People come to the U.S. for all kinds of reasons—to study at world-class institutions, to work, to live, or to seek a better life for themselves or their children.
Before they do, they generally seek immigration benefits. But what is an immigration benefit? In short, immigration benefits are legal entitlements to stay in the U.S. temporarily or permanently.
If you plan to apply for immigration benefits in the U.S., EMP Law can help. Our experienced Winston-Salem and Charlotte immigration attorneys are passionate about assisting individuals to face down large, faceless entities like the U.S. immigration system. And we have years of experience helping clients get immigration benefits of all kinds.
What Are Immigration Benefits?
Immigration benefits encompass many broad categories, including the following:
- Immigrant visas,
- Nonimmigrant visas,
- Humanitarian statuses, and
- Miscellaneous statuses.
Each benefit type requires you to meet specific criteria. And as long as you hold that status, you must also follow specific rules. If you do not, you can be deported or removed from the country.
What Are Immigrant Visas?
When you receive an immigrant visa, you receive a green card and permanent resident status.
You can obtain an immigrant visa only if you fit into one of several narrow, legally defined categories, including one of the following:
- Family-based visas. U.S. citizens can petition for their spouses, children, parents, and siblings to get an immigrant visa. Lawful Permanent Residents (LPRs) can petition for spouses and unmarried children under age 21.
- Employment-based visas. U.S. employers can sponsor foreign workers, and some highly skilled foreign workers can sponsor themselves for this type of visa.
- Humanitarian-related visas. Certain beneficiaries of humanitarian programs can apply for green cards, including asylees, refugees, and S, T, and U-visa holders.
- Diversity lottery visas. Non-citizens who win an immigration lottery run by the U.S. government can get their visas.
If you qualify for a family-based visa but have an abusive parent, spouse, or child who will not sponsor you, you can sometimes self-petition under the Violence Against Women Act (VAWA).
With the exception of immediate relatives—spouses, unmarried children under 21, and parents of U.S. citizens—family, employment, and diversity lottery visas are all subject to annual numerical limitations. As a result, backlogs in processing times are common.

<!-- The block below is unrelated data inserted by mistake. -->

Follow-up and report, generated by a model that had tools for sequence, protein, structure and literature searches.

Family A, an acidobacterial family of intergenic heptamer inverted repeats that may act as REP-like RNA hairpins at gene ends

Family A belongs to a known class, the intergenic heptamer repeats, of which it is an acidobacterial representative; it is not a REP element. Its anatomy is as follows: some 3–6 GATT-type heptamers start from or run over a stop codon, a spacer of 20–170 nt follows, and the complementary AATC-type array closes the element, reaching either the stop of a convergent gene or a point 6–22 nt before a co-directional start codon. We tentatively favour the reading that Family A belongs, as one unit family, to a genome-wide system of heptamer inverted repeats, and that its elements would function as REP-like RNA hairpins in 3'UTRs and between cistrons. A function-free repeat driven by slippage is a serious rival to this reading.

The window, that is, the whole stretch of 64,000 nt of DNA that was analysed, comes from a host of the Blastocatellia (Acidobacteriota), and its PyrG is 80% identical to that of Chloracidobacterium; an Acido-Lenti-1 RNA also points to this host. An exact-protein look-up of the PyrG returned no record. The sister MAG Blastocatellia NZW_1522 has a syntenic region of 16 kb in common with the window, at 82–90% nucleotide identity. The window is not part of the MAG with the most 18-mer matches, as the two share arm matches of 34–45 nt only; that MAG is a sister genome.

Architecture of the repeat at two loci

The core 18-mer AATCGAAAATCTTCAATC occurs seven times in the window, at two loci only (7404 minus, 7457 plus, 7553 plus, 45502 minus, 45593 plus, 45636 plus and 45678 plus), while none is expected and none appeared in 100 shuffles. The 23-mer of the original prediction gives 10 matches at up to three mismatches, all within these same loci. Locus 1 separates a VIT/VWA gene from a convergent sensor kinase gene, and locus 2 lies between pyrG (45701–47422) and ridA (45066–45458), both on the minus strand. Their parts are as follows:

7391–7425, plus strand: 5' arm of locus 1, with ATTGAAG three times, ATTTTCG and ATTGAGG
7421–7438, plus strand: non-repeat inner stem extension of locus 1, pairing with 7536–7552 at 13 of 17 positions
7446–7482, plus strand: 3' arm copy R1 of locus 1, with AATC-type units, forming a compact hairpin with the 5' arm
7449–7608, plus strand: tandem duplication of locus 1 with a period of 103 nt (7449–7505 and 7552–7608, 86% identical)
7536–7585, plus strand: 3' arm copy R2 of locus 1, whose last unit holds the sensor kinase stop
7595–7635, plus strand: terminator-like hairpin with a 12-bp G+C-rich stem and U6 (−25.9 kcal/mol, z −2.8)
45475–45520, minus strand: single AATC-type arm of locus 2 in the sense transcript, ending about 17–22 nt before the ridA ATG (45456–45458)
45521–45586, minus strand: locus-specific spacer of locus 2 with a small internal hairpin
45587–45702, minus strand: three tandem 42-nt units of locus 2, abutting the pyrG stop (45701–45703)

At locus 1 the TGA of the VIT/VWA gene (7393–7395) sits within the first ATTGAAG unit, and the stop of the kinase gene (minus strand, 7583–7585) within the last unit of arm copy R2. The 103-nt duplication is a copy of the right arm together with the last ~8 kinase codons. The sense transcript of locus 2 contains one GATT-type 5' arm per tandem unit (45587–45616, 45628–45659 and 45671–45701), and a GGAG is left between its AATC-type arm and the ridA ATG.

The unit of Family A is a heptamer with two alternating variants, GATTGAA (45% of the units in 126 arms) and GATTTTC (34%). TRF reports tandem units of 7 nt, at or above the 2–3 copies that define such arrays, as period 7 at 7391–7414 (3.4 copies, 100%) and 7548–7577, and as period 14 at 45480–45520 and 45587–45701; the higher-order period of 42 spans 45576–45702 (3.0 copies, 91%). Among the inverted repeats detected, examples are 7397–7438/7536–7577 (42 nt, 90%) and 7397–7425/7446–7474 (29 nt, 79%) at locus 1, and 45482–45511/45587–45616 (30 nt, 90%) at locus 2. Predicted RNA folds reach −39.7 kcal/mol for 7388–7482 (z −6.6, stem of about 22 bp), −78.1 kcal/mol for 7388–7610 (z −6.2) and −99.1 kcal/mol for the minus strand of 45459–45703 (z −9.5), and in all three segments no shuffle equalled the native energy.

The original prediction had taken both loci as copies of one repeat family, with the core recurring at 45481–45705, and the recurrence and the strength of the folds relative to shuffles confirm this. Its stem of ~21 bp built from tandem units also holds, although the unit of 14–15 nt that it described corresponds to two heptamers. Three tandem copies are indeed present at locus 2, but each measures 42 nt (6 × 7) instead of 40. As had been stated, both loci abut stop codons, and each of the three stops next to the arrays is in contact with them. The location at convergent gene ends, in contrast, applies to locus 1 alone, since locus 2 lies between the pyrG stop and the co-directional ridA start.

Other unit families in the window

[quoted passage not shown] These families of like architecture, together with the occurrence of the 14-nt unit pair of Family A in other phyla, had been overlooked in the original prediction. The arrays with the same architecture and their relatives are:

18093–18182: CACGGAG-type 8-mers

What Are Nonimmigrant Visas?
Nonimmigrant visas are the most commonly issued U.S. immigration benefits and may be one of the first things that come to mind when you wonder what immigration benefits are. These visas authorize a temporary stay in the U.S. for a specific purpose.
Common nonimmigrant visas include:
- Fiancé(e) visas (K visas),
- Tourist/business visas (B visas),
- Student visas (F, M, and J visas), and
- Temporary work visas (H, L, O, P, and Q visas).
With few exceptions, to receive a nonimmigrant visa, you must prove you have “nonimmigrant intent,” which is the flip side of having “immigrant intent.” Having nonimmigrant intent means you do not intend to settle long-term in the U.S. The three prominent exceptions to this requirement are K, H-1B, and L visas.
What Is Naturalization?
When you naturalize, you become a U.S. citizen. Generally, you must have a green card first. To successfully naturalize, you must generally demonstrate English-language proficiency and pass a civics test.
If you obtained your green card based on your marriage to a U.S. citizen, you can naturalize after three years as an LPR. Other green card holders can apply to naturalize after five years. You can also naturalize if you have honorably served in the U.S. military for at least one year.
What Are Humanitarian Statuses?
In addition to official visas and obtaining citizenship, there are some statuses that sit in an in-between zone.
These statuses are primarily based on international humanitarian concerns and include:
- Asylum and refugee status*,
- Humanitarian parole,
- Processes for Cubans, Haitians, Nicaraguans, and Venezuelans (CHNV),
- Uniting for Ukraine,
- Deferred Action for Childhood Arrivals (DACA),
- Deferred Enforced Departure,
- Temporary Protected Status (TPS), and
- Visas for victims of human trafficking (T-visas) or other crimes (U-visas)*.
Some of these statuses lead to green cards, but most do not. Asterisks mark those that offer a path to obtaining a green card.
What Other Benefits Are There?
Apart from the topics already discussed, there are a handful of miscellaneous U.S. immigration benefits that may apply.
For example, you may be eligible for:
- TN (NAFTA) nonimmigrant status—for professional Mexican and Canadian workers,
- An E-3 visa—for Australian specialty workers, or
- The Visa Waiver Program—for nationals of several countries who can travel to the U.S. for business or tourism without a visa.
These benefits are generally based on treaties or unique relationships between the U.S. and other countries.
Contact Our Experienced Immigration Lawyers For Help
Whether you want to live in the U.S. temporarily or permanently, we can help you apply for immigration benefits. We are not afraid of complicated cases, including where you have an immigration or criminal history, that may make obtaining benefits more difficult. Reach out online or call (336) 724-2828 today to learn about what we can do for you.